Guest Article by Joe Tilston, originally published at Merch Stall.
The weather is getting better, this can mean only one thing: festival season is upon us once more. Are you ready?
Is this your band’s first year playing a festival, or are you on your 10th run through the circuit? No matter how well versed you are, you need to give your merchandise preparation some serious thought. Too often I’ve found myself two weeks before the first big festival date of the year, and we haven’t got any new designs drawn (never mind ordered!), once again making an already stressful situation far more complicated than it needs to be.
So learn from the mistakes of those that have made them before you: prepare!
Keep it simple. It’s easy to get carried away on a merch stall at your own show or a support gig when there are only three bands, but at festivals all the pins, badges and lighters, bumper bonza deals and mega collections should disappear. You want to get through the queue as fast as you can, so show some restraint. If someone wants to haggle or make a deal, let them, but keep the options for people to look at. Simple: t-shirt price, CD price, vinyl price. Done.
Do you have a merch person available to join you? Have you made sure there is space for you to sell your merch; do you need to book it? Make sure whoever is selling your merch is able to spend most of the day there. People will be looking to buy merch all day, not just right after your set. That said, some festivals will only give you a small window to sell, so be prepared for that and communicate it on stage!
A cheeky tip… If you’re playing a festival that charges to sell your stuff in a merch area, consider selling your merch over the barrier after your set. Random Hand did this at almost all our Leeds and Reading appearances and it paid off big time. Mostly you’ll find that the people around your stage aren’t bothered. Be confident, cheeky and above all nice, and you should get away with it.
Do the festival provide the full service, and sell it for you too? If this is the case, make it simple for them: get your merch well prepared, choose one or two designs, 5 of each size and one album, the latest release. If they are selling it for you, they are unlikely to be fans or know a great deal about your stuff, so making it as simple and easy as possible will make the job easier for them. Again, this is a scenario that really benefits from being nice. The people on these stalls have a tough day; the easier and nicer you make the experience for them, the more happy they are going to be to make it work for you.
You don’t need to carry loads of vinyl to a three day festival. Only the seriously dedicated are going to be happy buying something that big, knowing there is a likely chance they will leave it in the campsite bar, or drop it in some mud. I’d be tempted to say the same about CDs too, but they take up less space.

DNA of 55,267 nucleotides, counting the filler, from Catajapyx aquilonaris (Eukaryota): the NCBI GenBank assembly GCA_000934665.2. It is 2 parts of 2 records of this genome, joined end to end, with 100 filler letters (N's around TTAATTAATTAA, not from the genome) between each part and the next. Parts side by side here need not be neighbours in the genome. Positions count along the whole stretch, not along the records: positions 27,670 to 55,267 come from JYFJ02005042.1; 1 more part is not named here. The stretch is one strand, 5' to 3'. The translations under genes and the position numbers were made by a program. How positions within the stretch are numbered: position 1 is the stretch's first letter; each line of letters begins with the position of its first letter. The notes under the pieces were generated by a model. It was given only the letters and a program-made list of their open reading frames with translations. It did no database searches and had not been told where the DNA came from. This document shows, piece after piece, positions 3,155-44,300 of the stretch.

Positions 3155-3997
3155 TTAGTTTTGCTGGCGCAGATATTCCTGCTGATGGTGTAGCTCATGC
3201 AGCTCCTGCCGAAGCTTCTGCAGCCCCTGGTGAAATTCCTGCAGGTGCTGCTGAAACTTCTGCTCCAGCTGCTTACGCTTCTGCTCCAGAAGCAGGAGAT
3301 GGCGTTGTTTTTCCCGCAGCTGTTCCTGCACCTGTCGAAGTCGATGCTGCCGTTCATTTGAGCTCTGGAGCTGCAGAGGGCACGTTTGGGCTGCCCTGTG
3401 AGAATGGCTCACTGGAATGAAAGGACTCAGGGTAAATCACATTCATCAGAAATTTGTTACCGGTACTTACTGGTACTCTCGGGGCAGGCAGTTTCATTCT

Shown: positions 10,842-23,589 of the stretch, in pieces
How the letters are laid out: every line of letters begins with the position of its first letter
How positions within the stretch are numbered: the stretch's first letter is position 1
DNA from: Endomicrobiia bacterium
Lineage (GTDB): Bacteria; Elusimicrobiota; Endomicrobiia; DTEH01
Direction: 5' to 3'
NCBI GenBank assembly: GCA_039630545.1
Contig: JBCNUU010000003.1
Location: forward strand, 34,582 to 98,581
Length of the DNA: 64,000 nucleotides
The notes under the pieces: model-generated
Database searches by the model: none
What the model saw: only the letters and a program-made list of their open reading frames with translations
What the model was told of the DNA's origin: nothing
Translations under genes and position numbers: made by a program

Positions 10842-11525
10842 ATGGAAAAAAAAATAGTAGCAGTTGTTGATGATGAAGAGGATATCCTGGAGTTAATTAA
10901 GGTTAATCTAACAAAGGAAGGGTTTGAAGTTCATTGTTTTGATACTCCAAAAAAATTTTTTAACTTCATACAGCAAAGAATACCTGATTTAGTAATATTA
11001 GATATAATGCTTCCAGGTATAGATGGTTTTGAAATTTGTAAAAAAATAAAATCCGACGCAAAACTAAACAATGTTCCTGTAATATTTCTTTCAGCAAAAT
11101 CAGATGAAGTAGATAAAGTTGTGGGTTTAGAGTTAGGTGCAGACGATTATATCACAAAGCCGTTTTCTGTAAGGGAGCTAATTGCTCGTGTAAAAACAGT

What sizes do you buy? Knowing what sizes to buy is a complete gamble, you’re likely to sell more mediums than any others, but if you run out of large, those people aren’t going to stump for a medium. So place most of your bets on the medium and large. You know your fans better than anyone, so hedge your bets. But don’t forget to get a few small and XXL! If you are ordering quantities of 50+ you really should get some ladies sizes in there too. On the most part, the band tee is seen as a unisex offering, but you can go a long way to making someone’s day if you have something fitted when they ask for it!
There is much to consider, but above all try to keep things simple. Stick to a few really strong designs, try to have something new that hasn’t been on your merch stall at recent gigs, and don’t just buy black t-shirts. If the suns out, people are going to be looking for a white t-shirt.
Joe’s well known for playing in Random Hand and Traits, and has years of experience successfully organing merchanside for both bands. How many Random Hand t-shirts have you seen over the years? Exactly.
Joe’s recently started a new endeavor called Merch Stall, selling the best in high-quality screenprinted garments. They’re offering a great service at reasonable prices, and we’d recommend you check them out if you’re looking to get something printed. Check out their wesbite: Merch Stall or give them a like on Facebook.
While you’re here, why not check out our interview with Joe about Random Hand’s comeback.